In the cars, a half-dozen ladies play Candy Crush.
There is nothing more intimidating, nor more easy to fall in love with, than the New York City Subway. With 468 stations and trains running 24×7, you come to have high expectations of your ability to traverse the 5 boroughs. But, as luck would have it, the L train that I took every morning isn’t running to Manhattan over the weekends because of repair work. This, or rather the fact that I constantly forget this, makes me miss my bus to Philadelphia and is the cause of many embarrassing rides from Jefferson Street to Bedford Avenue and back.
On my first day in South Bronx, I get lost. The 6 Train takes me to Cypress Avenue which is just a couple of blocks from the place I’m staying. But I take a left turn instead of going right, or I go straight instead of turning at all, but before I know it I’m lost in arguably one of the sketchiest neighbourhoods in NYC at 12 am, with no phone and no internet. There is a basketball game going on in the park I walk past. I think of American History X, and start to get a little worried. I pass this lady yelling on her phone, “This bitch thinks she’s so rough ’cause she’s from the Bronx…”. She draws out the last word, and I feel like I’m in an establishing shot in a terrible movie. I finally enter the only store that’s open and ask the owner if I can use Google Maps on his phone. Sure, he says, and hands me a low-end smartphone. Everything’s in Arabic, I say. I don’t read Arabic. “Oh, I thought you were from the region”, he says, “I am from Yemen”. I finally make my way home and pass out on my mattress on the floor.
III. The One With All The Some Food
As I start this section, I realise I’ve taken exactly ZERO photos of pizza. I find this a matter of shame, and will therefore stop writing and leave you with these. Click on each image to enlarge it.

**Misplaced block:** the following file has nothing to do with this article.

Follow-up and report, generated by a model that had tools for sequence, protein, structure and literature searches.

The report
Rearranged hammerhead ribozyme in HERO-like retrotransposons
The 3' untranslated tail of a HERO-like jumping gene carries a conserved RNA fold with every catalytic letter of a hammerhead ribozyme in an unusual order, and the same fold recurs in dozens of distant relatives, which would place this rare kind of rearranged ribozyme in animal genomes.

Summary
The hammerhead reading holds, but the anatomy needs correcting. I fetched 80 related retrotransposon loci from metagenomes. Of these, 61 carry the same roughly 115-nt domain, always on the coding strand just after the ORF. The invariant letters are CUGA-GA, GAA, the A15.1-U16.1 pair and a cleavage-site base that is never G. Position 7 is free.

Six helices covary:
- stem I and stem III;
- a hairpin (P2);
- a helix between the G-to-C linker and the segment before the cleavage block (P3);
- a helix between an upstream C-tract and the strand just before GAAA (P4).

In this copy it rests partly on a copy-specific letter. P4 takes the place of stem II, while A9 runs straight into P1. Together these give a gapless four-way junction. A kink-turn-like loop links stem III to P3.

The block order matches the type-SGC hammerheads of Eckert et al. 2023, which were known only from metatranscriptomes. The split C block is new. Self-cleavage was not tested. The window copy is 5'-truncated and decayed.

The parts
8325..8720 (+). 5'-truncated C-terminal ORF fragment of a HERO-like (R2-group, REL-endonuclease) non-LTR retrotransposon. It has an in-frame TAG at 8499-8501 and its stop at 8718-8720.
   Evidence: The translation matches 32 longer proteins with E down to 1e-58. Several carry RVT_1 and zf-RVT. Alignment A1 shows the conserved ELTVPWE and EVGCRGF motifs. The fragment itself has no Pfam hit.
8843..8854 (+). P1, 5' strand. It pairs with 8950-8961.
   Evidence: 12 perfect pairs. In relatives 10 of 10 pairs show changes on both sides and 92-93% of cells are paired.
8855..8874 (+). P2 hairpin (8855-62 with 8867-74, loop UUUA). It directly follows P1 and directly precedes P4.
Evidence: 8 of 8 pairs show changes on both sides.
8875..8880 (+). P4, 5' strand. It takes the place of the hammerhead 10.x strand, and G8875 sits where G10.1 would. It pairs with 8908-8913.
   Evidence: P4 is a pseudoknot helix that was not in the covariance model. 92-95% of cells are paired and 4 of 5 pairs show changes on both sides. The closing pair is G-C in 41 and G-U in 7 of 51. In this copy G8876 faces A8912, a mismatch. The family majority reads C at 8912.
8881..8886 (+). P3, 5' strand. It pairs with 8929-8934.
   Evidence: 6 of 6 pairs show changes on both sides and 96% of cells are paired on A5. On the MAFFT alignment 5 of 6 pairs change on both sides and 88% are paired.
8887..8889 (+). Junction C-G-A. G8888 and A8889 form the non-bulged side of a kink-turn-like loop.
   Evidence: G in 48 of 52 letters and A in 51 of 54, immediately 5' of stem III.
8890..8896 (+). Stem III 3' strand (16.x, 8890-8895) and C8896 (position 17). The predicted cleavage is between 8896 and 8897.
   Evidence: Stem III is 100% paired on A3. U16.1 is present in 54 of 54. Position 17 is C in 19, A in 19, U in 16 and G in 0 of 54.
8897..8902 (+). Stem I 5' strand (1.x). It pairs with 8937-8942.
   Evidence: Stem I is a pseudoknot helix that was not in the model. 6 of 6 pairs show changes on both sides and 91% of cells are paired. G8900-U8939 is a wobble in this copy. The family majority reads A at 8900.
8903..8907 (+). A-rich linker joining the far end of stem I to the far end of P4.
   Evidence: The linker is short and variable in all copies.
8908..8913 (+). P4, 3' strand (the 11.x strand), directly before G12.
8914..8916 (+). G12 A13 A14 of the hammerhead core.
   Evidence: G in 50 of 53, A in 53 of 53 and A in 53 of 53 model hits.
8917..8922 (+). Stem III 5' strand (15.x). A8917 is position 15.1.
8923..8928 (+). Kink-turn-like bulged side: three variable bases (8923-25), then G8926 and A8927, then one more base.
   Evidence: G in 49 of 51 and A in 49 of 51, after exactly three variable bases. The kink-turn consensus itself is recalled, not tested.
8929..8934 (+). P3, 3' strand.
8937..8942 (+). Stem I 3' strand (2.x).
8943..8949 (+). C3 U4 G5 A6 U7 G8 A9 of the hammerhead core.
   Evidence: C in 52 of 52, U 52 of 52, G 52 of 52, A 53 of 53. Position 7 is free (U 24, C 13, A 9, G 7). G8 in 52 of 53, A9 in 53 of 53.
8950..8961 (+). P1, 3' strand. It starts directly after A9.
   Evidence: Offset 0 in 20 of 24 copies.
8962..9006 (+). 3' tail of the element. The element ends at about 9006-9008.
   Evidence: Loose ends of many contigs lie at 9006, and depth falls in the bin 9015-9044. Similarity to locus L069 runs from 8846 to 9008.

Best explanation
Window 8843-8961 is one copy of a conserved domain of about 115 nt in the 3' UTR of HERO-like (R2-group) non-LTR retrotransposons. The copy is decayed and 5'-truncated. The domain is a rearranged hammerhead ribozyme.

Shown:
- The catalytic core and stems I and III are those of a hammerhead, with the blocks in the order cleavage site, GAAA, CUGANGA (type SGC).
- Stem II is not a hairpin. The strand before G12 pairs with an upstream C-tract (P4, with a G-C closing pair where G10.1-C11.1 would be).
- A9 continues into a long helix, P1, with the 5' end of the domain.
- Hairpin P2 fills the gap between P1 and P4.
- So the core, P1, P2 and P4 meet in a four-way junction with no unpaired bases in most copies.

The newspaper I was interning at had their own kitchen, staffed by Chinese chefs. This meant free lunch every day, which was a huge monetary burden liften off my shoulders. Unfortunately, no one ever told us ‘Westerners’ what exactly the food was. Every day was an adventure.
Xian Famous Foods is a New York legend. Andrew Zimmern’s been here, but I would hardly call their food bizzare. This cumin pork burger was one of the spiciest things I ate in two months. I still have dreams about it sometimes.
This pathetic platter was my late-night staple. Louie on the laptop and Doritos all over my face sounds really sad, but I promise it’s awfully relaxing after a long day at work.
Dumplings and beef scallion pancake in Flushing, Queens. Here, the only reminders that you are still in America are the green and white road signs. Bubble tea was also acquired after this photo was taken.
A mix of Central Asian foods from a Russian supermarket in Sheepshead Bay, Brooklyn. The place was packed, and the cashiers were being distinctly nicer to anyone who spoke Russian. “Spasibo” was said multiple times.
A meal I cooked for myslef with ingredients fom Trader Joe’s near the office in Chelsea. The lines are dizzyngly long, but there are some 20 billing counters. I’ve never had a faster checkout. Fusili in a Greek yoghurt dressing, boiled carrots, salt and papper sauteed mushrooms, and a baguette.
The song that you hear in the video is Ain’t Nothin But Nothin, by Seth Hirsch. He lives in Brooklyn, and is a musician, a filmmaker, an actor, and a bunch of other things. Visit sethhirschmusic.com to download his new album Young Misc.
The words stood oppressively still on the screen, in contrast with my head, which was beginning to spin. What is she saying, I thought. She can’t mean David Bowie. She did mean David Bowie, of course. It was hard to comprehend, because I started to realise that David had never really been alive the way she and I were alive.
He existed—and so he must still exist—in the sadness I feel when Five Years finally climaxes into a soaring chorus, in the image of Logan Lerman in the back of a pickup that invariably accompanies the opening guitar wail in Heroes.
I was technically still fifteen when Bowie first made an impression on me. I had heard Golden Years in the Heath Ledger comedy A Knight’s Tale when I was much younger, but it didn’t make me feel as much as Ashes To Ashes did ten minutes before I turned sixteen. Strung out in heaven’s high, hitting an all-time low. That’s precisely where I felt I was that night, one step into a more grown-up world. Songs have that nasty habit of being able to express your feelings in another person’s words and voice. Bowie’s songs, more so. His raw vocals make a line like ‘sordid details following’ feel like it carries a ton more emotional weight than it would read.